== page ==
China ‘well prepared’ as US looks to put Japan in actual combat frontlines
Published: Jan 10, 2023 11:54 PM
Photo taken on August 24, 2022 shows a warning sign by US troops in Japan placed at the Henoko coastal area of the Okinawa Prefecture. Photo: VCG

Photo taken on August 24, 2022 shows a warning sign by US troops in Japan placed at the Henoko coastal area of the Okinawa Prefecture. Photo: VCG

The US plans to set up a rapid reaction Marine unit throughout Japan's Okinawa islands within a few years, media reported on Tuesday, one day ahead of the 2023 US-Japan Security Consultative Committee meeting in Washington, DC. Japanese Prime Minister Fumio Kishida also plans to talk with US President Joe Biden on January 13 after concluding his ongoing Europe and UK tour. 

A saga of diplomatic and military activities suggests that Tokyo and its allies are likely devising a more detailed and actual-combat strategic deployment against China, but China is always well-prepared to meet the challenge, analysts said. 

Citing sources, Kyodo News reported on Monday (ET) that a Marine Littoral Regiment (MLR), will be established as part of a realignment of the Marine Corps in Japan's southwestern island prefecture, which is close to China's Taiwan region. 

The US plans to disperse US Marine units throughout Japan's Okinawa islands by 2026, equipping them with missiles and lighter gear to "deter China's military," Reuters reported Tuesday, citing Japan's Yomiuri newspaper. 

Chinese Foreign Ministry spokesperson Wang Wenbin called on Japan and the US to ensure their military cooperation does not harm the interests of third parties or regional peace and stability. 

We hope that relevant countries will respect the security concerns of countries in the region and do more to enhance mutual trust among countries as well as regional peace and stability, Wang said at a routine press conference on Tuesday. 

Japanese media said the plan is expected to be discussed at the 2023 US-Japan Security Consultative Committee, which also known as "2+2" security talks between foreign and defense ministers. Japanese Foreign Minister Yoshimasa Hayashi, Defense Minister Yasukazu Hamada, and their US counterparts Antony Blinken and Lloyd Austin are expected to attend the planned in-person meeting.

Hyping China's "increasing assertiveness," along with North Korea's missile testing and Russia-Ukraine conflict, Japanese media said that Tokyo hopes to articulate plans to acquire "enemy base strike" capability at the upcoming "2+2" security talks, with the Taiwan question to be discussed.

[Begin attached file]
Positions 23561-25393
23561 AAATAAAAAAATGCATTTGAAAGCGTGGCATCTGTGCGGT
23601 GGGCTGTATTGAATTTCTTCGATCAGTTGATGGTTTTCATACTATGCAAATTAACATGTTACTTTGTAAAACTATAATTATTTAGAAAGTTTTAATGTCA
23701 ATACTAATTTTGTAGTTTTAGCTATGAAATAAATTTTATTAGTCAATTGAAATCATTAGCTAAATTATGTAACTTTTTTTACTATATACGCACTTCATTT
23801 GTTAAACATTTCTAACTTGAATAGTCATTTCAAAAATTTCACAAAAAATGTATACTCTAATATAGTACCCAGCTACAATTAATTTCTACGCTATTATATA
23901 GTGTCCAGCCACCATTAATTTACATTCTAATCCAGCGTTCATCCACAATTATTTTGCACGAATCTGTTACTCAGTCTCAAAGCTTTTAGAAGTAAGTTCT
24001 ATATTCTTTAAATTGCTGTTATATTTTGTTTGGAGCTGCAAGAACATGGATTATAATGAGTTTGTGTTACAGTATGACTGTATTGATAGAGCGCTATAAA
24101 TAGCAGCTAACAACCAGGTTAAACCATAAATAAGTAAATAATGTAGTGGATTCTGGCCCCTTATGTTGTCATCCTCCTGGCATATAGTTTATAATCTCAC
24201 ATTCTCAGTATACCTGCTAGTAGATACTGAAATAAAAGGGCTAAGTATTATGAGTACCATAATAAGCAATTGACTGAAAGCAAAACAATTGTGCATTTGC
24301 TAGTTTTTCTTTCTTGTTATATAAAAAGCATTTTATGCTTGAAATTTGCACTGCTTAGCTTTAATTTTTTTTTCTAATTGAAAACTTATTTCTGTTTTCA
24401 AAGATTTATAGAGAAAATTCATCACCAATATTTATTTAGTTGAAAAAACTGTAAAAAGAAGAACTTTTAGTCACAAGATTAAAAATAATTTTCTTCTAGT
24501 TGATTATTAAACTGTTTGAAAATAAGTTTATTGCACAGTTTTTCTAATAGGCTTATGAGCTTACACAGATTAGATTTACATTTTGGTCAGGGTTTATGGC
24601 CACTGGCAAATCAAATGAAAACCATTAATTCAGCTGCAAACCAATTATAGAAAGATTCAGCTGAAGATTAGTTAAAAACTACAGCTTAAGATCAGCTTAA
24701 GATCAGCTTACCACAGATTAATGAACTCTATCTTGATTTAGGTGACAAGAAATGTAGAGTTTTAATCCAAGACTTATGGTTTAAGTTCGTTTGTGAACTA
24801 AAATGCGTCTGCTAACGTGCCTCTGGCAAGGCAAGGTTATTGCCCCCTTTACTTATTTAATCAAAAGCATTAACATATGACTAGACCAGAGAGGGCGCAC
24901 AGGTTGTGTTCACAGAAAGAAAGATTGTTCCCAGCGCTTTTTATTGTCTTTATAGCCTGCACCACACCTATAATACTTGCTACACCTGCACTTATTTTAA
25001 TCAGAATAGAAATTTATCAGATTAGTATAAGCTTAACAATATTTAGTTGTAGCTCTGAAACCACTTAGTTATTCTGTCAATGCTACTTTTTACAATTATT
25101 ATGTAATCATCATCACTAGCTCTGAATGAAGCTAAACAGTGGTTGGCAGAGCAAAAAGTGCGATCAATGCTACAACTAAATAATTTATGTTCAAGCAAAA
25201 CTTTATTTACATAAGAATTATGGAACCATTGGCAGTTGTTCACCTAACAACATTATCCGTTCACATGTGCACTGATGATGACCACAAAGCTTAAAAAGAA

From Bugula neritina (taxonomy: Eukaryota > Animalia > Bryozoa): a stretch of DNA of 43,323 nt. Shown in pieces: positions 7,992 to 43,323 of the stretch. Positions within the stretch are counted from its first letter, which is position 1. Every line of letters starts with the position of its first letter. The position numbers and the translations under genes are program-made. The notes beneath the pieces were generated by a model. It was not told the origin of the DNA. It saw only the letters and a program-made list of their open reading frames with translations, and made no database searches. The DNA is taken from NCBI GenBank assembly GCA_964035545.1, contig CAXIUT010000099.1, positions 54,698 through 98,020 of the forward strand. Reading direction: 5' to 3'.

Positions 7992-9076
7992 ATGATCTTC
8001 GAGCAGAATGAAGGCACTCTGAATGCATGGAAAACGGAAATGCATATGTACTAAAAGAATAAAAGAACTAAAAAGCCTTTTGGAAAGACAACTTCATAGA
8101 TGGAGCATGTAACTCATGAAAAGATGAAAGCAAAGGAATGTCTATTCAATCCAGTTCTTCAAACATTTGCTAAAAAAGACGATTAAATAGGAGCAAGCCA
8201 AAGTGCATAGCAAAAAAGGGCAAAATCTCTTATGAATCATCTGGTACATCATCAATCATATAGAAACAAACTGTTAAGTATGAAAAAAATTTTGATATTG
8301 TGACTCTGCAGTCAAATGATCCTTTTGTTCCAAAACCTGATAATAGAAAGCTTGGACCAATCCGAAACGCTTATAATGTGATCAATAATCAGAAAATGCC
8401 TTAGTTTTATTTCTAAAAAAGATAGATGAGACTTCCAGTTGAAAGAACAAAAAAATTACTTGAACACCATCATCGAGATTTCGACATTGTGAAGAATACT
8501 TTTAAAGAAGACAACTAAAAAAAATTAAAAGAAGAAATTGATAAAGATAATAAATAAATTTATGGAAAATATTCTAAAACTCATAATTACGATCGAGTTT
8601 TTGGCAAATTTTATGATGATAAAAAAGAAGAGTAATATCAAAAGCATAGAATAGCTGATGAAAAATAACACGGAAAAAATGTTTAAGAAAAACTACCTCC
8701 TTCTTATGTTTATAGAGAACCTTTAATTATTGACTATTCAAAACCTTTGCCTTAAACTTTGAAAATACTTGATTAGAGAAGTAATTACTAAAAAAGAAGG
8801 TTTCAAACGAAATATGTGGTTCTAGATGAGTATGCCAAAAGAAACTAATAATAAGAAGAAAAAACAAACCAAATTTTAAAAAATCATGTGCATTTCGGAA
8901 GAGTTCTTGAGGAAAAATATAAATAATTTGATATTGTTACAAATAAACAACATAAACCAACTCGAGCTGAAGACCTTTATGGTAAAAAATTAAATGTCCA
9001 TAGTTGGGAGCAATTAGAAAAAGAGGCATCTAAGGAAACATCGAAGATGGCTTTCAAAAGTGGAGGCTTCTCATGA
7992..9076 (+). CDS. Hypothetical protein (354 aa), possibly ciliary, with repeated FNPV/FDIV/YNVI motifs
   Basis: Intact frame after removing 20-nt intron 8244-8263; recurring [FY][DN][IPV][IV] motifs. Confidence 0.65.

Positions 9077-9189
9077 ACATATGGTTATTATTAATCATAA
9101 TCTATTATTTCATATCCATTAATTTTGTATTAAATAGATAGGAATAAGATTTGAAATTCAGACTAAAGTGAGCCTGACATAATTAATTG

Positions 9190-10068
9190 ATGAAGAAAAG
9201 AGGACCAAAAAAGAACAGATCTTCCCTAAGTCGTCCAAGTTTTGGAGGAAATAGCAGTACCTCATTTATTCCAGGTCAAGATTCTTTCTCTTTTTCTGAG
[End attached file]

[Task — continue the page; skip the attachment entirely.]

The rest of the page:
Zhu Qingxiu, a Japanese studies researcher with the Chinese Academy of Social Sciences, told the Global Times on Tuesday the possible discussion of MLR deployment at the "2+2" security talk indicates that the US and Japan may come up with more tactical deployments that focus on details and actual-combat level in the future. 

For instance, issues of resource allocation, a unified command structure, Japan's use of US military bases, and coordination of intelligence and reconnaissance are all likely to feature in the "2+2" security talks, Zhu noted. 

Japan's role in a possible conflict in the Taiwan Straits is likely to be discussed during the "2+2" meeting. In a recent interview with the Financial Times, top US Marine Corps general in Japan James Bierman said that US and Japanese armed forces are integrating their command structure and scaling up combined operations. 

Bierman told the Financial Times that in the recent joint drills, the Marines for the first time set up bilateral ground tactical co-ordination centers. Besides, specific Japanese military units have been designated as part of the "stand-in force" alongside US forces. Reuters said the Marines plan to cut aircraft numbers and dump most of cannon artillery and heavy amour in favor of smaller "dispersed" forces.

The US plans to push Japan to the front line of the conflict so Japan takes the brunt of the attack so China could not wipe out US forces, Zhu said, noting this is also why US armed forces in the Western Pacific are showing a trend of dispersed deployments as Japan's national security strategy shifts to its southwestern islands. 

In fact, in Japan's three key defense documents revised in December, the Kishida administration pledged to strengthen Self-Defense Forces units in its southwestern islands, describing China as its "greatest strategic challenge." 

As part of efforts to develop its counterstrike capabilities, Kishida's government has earmarked about $1.58 billion to procure US long-range Tomahawk cruise missiles in the draft budget for fiscal 2023 from April, Japanese media said. 

China is always well-prepared and observing Tokyo's and Washington's moves, Zhu said. "Although Japan is trying to put pressure strategically on China by deploying forces near the Taiwan region, it cannot change the fact that the People's Liberation Army (PLA) are much stronger than Japan's [forces] in the region."

Developing "counterstrike capabilities" cannot form a deterrent to China, but will only be a sheer waste of Japanese taxpayers' money, analysts said.